Historically, manufactured homes (Mobile Homes) have been financed
as personal property, resulting in personal loans that often require a 10
percent down payment or much more, with the remainder financed over 10 to 15 years. Interest
rates are higher, resembling car and boat loans, and because the loans are
mortgages, the interest paid is not tax-deductible.
These loans still are the most common. Many manufactured homes (double wide) on
land now require a minimum
3 percent down payment or more and finance the
remainder over 20 to 30 years.
If the home is immobile and if the owner of the home also owns the underlying
land, then the loan is likely to be viewed as a mortgage, gaining vital tax
Florida Mortgage Corporation offers a variety of Manufactured Home
mortgage programs that vary
according to down payment, the size of the home, age of home and terms extending out to 30
Florida Mortgage Corporation also offers manufactured home financing for your used
or existing home purchase. If your
goal is to refinance your manufactured home to consolidate those high interest
credit cards, you’re in the right place. Unlike most lenders, Florida Mortgage
Corporation is eager to
lend on manufactured homes located in mobile home parks or manufactured home
A mobile home is a dwelling which is built on an integral chassis, in a factory,
transportable in one or more sections, and which is eight feet or more in width.
All single family mobile homes manufactured since June of 1976 must be built to
standards established by the U.S. Department of Housing and Urban Development
(HUD), and must display a label certifying compliance. One of every three homes
constructed in Florida is a mobile home. In recent years, nearly one-third of
all new single-family homes bought have been manufactured homes.
The term "manufactured home" was adopted in 1980 by the United States Congress
to describe a type of house that is constructed in a factory to comply with a
building code developed by the Department of Housing and Urban Development
(HUD). In the past, manufactured homes were called "mobile homes," a term that
many people still use. However, "mobile" is no longer an accurate name because
fewer than five percent of such homes are ever moved off the owner's original
The exterior and interior designs of manufactured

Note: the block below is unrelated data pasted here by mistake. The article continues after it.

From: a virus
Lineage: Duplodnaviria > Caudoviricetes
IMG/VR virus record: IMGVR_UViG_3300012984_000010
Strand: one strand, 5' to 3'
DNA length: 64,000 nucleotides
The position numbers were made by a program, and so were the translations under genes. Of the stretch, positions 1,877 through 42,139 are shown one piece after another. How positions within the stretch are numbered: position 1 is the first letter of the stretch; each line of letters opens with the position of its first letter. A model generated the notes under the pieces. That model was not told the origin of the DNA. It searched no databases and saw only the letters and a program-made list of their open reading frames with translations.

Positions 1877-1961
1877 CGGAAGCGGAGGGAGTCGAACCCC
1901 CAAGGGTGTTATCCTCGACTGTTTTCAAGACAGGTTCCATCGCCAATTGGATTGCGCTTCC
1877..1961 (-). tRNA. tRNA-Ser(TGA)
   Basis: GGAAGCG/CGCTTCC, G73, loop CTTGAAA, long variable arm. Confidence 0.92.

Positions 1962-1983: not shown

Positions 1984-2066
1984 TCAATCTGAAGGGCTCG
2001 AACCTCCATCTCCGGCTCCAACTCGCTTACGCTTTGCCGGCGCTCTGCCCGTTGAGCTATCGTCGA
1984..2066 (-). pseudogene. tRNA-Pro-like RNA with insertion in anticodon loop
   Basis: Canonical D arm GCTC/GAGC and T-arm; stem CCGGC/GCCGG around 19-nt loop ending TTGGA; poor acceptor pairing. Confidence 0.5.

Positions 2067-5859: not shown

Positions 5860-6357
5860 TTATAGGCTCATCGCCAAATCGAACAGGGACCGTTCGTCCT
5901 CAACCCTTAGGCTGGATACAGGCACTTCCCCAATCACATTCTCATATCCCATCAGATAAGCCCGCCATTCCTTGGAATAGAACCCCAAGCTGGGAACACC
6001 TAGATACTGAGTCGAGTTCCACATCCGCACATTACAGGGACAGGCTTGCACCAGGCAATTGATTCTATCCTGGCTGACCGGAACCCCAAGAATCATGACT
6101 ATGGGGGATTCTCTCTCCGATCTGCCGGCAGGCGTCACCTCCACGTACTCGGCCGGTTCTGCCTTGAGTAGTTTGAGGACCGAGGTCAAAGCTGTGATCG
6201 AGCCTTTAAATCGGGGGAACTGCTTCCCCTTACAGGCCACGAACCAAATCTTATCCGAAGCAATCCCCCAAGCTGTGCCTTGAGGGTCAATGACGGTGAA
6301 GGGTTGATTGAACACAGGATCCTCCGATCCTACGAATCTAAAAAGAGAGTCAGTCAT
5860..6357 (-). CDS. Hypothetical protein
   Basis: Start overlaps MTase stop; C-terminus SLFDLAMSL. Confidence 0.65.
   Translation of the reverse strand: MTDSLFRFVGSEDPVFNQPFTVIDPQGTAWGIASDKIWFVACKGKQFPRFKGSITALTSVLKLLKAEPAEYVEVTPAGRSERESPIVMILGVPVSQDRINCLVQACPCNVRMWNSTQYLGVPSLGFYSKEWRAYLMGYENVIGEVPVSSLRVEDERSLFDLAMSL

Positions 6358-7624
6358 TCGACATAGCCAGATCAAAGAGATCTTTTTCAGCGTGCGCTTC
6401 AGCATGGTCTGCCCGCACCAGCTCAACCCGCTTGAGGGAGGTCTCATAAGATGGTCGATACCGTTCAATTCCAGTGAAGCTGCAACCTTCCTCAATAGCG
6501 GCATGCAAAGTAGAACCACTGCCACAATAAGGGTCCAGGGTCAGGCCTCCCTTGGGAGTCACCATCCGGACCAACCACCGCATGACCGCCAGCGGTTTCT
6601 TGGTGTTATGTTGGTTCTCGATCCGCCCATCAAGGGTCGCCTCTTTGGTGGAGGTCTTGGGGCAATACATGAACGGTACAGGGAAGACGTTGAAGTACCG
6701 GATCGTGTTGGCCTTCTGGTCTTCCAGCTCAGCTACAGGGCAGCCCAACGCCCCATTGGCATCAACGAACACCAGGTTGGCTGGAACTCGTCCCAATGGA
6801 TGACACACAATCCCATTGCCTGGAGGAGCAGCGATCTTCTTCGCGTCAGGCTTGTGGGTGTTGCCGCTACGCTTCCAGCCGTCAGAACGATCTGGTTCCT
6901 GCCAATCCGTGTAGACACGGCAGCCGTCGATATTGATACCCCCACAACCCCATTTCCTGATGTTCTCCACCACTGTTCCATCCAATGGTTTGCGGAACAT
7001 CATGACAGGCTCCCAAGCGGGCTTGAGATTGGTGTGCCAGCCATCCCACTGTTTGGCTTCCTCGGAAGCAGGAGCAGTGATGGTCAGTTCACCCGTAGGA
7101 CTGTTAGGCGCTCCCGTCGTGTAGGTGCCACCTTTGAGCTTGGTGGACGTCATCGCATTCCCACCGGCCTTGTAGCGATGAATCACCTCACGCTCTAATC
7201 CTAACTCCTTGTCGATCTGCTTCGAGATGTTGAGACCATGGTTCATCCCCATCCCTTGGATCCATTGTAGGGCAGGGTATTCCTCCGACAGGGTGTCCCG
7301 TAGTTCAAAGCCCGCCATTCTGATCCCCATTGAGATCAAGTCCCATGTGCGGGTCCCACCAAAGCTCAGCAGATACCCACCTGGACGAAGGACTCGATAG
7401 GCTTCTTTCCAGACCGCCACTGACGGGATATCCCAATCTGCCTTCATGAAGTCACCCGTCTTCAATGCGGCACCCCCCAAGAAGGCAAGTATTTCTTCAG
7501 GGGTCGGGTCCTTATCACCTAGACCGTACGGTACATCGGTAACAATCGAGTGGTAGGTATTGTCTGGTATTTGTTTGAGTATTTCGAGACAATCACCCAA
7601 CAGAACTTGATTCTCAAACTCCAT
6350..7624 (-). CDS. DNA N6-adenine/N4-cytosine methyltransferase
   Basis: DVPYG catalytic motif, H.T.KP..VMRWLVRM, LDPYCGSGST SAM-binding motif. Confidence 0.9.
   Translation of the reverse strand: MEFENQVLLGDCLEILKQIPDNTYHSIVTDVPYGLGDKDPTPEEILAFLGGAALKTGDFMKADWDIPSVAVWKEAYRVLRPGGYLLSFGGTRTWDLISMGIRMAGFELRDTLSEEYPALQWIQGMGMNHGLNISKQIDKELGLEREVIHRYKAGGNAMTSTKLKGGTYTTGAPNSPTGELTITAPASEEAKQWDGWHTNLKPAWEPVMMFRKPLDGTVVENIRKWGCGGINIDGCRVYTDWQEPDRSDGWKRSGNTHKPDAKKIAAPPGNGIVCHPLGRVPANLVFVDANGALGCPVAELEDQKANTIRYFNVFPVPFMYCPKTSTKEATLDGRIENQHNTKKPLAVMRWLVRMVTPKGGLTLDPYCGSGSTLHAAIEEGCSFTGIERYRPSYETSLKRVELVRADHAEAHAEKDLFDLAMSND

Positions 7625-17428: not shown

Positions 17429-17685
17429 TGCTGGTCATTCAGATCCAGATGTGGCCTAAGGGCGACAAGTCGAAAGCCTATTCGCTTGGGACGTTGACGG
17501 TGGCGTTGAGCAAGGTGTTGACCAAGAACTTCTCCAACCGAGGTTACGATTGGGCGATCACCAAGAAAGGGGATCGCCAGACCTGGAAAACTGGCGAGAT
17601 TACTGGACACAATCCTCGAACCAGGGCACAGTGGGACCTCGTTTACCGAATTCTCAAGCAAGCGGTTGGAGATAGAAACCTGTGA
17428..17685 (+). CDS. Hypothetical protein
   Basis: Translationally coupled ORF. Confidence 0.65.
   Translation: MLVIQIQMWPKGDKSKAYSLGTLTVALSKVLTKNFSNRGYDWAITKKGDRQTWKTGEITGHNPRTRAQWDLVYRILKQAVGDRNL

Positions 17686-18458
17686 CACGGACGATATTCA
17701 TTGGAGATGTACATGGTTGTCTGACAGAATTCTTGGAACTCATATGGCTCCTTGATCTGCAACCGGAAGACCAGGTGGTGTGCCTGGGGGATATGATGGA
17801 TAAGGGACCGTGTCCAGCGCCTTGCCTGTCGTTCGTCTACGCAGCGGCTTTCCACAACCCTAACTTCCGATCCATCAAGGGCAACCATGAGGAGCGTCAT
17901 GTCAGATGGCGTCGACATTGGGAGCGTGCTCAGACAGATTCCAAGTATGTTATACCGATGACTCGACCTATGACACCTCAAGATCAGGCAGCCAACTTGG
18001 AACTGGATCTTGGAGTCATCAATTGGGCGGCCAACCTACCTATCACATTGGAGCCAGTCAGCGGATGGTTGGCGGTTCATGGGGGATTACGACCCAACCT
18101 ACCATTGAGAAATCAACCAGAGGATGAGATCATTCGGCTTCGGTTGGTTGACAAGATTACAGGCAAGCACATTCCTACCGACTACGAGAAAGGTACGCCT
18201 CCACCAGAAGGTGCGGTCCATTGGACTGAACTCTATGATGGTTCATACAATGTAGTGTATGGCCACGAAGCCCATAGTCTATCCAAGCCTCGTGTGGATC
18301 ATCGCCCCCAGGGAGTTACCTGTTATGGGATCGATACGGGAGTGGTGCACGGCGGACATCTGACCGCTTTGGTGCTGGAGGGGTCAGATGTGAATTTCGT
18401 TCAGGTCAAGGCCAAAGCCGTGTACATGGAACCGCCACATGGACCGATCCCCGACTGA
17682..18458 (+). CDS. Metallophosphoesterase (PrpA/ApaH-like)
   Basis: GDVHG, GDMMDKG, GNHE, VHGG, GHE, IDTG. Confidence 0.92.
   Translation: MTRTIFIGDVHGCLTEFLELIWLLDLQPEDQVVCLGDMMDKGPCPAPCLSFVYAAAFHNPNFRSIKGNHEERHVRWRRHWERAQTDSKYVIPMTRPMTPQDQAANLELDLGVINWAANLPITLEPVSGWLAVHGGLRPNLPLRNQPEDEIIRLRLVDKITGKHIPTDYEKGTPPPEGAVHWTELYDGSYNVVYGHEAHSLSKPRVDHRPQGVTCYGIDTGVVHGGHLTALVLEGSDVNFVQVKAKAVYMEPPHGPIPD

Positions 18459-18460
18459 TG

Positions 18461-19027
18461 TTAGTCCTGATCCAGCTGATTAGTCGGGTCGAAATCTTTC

homes resemble those of site-built homes and offer many of the same amenities:
Brand name appliances; fireplaces; walk-in closets; and spacious floor plans.
They're manufactured homes now and, with over 21 million people living in them,
they're fast becoming the housing style of choice for people who have to achieve
the American dream on a limited budget.
Today's manufactured homes bear little resemblance to yesterday's air-slipping
tin cans on wheels. With improved quality and material, stitched together
seamlessly in double-wide sections, they can be indistinguishable from
site-built, conventional homes.
Over the past decade, the growth rate of the
manufactured housing industry has been dramatic, and affordability has played a
key role. Today's manufactured homes offer the quality, value, and
technologically advanced features that homebuyers desire. Features include
vaulted ceilings, walk-in closets, fireplaces, state-of-the-art appliances,
spacious floor plans, customization packages, two-story models, and exterior
designs compatible with almost any neighborhood. Manufactured homes are built in
a factory-controlled environment and are required to meet the strict HUD Code,
which was established by the Federal Government to regulate the design,
construction, and safety of these homes. The HUD Code sets standards for
heating, plumbing, air conditioning, thermal and electrical systems, structural
design, construction, transportation, energy efficiency, and fire safety.
Manufactured housing (including mobile homes)
accounts for around 25% of annual new, residential construction and home sales
in the United States. Millions of Americans live in manufactured homes, which
represent more than 10% of the total housing stock. In many rural areas, the
percentage is much higher.
The sales prices for a new manufactured home can
range from under $40,000 for a single-section home with basic features to over
$100,000 for a deluxe multi section home. Sometimes referred to as singlewide,
double wide and triple wide. Low purchase cost, with cost savings of 20%-40% for
manufactured housing over that of site-built housing, is the major attraction of
HUD Code Requirements:
Unlike all other forms of factory-built housing, which must meet state and local
codes, mobile homes must conform to the U.S. Department of Housing and Urban
Development (HUD) 1976 Federal Manufactured Home Construction and Safety
Standards Acts, commonly known as the "HUD Code." Although "manufactured
housing" is a term broadly applied to any type of factory-built housing, the
1980 amendment to the original 1976 HUD Code, defines "manufactured homes" as